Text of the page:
Ho’omaluhia, meaning “peaceful refuge” in Hawai’ian, is Honolulu’s largest botanical garden. Nestled at the base of the majestic Ko`olau Mountains, the garden was established in 1982. It was designed and built by the US Army Corps of Engineers to provide flood protection to Kaneohe.
This 400 acre rainforest garden certainly lives up to its Hawai’ian name. Plant groupings depict major tropical growing regions including Polynesia, Melanesia, Sri Lanka, Malaysia, India, Africa, and Tropical America. The gardens have placed a special emphasis on conserving plants native to Hawai’i and Polynesia, as well as aroids and heliconias.
In addition to driving or strolling through the garden’s network of trails, there are also many other recreational opportunities such as camping, hiking, picnicking, and bicycling. If you’d like to test your luck, there is a 32 acre lake where you can fish with bamboo poles and barbless hooks – you bring the bait! They say fresh white bread works really well. The fishing is part of the catch-and-release program. Commonly seen fish include tilapia and midas cichlid.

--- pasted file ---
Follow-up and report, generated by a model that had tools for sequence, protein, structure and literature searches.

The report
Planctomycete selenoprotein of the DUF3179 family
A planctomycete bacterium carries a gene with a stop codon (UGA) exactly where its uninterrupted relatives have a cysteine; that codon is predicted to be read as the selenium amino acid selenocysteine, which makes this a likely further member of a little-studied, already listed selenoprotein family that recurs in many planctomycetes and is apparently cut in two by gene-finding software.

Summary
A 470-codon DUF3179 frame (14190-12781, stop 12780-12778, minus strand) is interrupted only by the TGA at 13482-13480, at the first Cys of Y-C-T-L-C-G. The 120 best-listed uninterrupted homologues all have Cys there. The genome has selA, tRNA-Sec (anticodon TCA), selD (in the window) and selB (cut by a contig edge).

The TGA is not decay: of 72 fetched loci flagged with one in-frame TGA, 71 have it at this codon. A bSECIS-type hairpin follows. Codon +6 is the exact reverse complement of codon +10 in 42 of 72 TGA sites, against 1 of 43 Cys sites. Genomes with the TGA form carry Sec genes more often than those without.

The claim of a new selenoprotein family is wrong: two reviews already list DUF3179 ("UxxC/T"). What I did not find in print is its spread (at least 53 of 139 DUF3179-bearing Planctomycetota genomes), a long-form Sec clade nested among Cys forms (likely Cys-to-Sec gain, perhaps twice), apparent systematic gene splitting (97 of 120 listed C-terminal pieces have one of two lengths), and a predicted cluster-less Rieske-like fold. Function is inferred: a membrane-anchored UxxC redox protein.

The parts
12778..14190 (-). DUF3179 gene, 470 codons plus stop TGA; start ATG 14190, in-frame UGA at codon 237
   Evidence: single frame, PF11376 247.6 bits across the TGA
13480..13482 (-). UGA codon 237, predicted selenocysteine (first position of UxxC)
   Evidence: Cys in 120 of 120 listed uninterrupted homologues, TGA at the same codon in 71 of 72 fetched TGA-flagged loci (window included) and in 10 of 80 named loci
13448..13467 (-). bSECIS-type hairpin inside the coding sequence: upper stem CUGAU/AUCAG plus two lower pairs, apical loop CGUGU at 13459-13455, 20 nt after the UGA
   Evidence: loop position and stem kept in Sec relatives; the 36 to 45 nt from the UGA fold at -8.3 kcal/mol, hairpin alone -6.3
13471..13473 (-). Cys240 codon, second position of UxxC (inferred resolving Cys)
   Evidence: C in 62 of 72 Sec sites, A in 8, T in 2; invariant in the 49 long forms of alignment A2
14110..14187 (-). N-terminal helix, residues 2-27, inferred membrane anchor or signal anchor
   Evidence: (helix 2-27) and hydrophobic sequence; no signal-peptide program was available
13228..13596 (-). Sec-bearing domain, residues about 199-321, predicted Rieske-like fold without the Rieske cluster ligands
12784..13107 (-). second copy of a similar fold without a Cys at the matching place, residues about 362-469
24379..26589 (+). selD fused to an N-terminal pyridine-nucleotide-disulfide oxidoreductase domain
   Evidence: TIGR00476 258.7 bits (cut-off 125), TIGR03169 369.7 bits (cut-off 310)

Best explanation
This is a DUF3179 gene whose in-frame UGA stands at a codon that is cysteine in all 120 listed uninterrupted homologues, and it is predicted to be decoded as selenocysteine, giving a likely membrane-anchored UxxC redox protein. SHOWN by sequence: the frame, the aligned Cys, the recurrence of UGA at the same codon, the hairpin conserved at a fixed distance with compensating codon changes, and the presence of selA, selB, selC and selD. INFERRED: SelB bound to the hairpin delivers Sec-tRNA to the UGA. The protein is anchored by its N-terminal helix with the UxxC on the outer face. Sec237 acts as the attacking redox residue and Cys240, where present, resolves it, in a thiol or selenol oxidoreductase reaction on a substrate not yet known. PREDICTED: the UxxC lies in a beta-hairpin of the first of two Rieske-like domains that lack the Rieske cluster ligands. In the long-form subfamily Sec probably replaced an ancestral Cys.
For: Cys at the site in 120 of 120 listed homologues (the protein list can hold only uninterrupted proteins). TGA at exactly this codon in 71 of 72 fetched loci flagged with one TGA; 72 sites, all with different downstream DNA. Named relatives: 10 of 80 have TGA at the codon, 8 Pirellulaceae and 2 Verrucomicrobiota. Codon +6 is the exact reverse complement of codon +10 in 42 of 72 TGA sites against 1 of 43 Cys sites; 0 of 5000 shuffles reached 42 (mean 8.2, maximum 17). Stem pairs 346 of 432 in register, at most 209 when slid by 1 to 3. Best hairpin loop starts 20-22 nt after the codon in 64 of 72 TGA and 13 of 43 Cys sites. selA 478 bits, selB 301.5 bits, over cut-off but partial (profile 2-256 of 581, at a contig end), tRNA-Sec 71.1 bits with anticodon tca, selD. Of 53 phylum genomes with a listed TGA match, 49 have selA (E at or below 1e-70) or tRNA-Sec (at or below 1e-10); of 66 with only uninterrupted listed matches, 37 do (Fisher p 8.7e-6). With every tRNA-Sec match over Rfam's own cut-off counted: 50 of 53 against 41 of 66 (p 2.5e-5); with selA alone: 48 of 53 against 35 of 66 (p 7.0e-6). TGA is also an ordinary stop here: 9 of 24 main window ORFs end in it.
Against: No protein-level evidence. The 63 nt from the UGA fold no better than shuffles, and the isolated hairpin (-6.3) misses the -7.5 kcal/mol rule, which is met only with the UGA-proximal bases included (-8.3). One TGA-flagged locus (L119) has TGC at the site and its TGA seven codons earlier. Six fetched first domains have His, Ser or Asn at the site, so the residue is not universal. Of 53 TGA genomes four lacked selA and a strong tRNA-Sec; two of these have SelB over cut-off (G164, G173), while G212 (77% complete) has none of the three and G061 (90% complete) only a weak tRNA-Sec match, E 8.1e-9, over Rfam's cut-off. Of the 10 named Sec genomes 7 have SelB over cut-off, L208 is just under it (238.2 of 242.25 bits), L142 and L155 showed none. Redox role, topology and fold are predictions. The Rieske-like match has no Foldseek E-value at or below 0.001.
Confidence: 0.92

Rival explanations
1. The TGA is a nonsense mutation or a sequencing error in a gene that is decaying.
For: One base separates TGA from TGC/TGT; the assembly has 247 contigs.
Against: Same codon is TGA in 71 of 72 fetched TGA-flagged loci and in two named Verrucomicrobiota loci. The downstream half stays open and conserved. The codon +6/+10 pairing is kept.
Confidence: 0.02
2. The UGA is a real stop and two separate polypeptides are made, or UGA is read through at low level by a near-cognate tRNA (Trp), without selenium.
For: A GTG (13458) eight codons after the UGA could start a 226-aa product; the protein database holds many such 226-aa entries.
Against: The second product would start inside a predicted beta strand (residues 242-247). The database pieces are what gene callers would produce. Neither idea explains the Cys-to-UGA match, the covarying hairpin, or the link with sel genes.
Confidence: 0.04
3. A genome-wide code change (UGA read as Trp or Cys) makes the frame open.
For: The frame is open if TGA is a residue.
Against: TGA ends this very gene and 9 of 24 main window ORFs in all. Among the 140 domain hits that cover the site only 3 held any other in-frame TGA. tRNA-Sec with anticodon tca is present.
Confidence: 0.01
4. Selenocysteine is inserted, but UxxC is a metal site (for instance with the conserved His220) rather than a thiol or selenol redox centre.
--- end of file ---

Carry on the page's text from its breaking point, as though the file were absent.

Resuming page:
Open 9:00 a.m. – 4:00 p.m. daily.
Closed Christmas and New Year’s Day
Admission and guided walks every Saturday at 10:00 a.m. and Sunday at 1:00 p.m. are FREE.
Group tours need special reservations.
There is no swimming allowed in the lake. Walking shoes recommended. You may encounter slippery surfaces, loose rocks, falling branches, thorny plants, and exposed roots. Insectrepellent recommended.
Free parking and restrooms are available.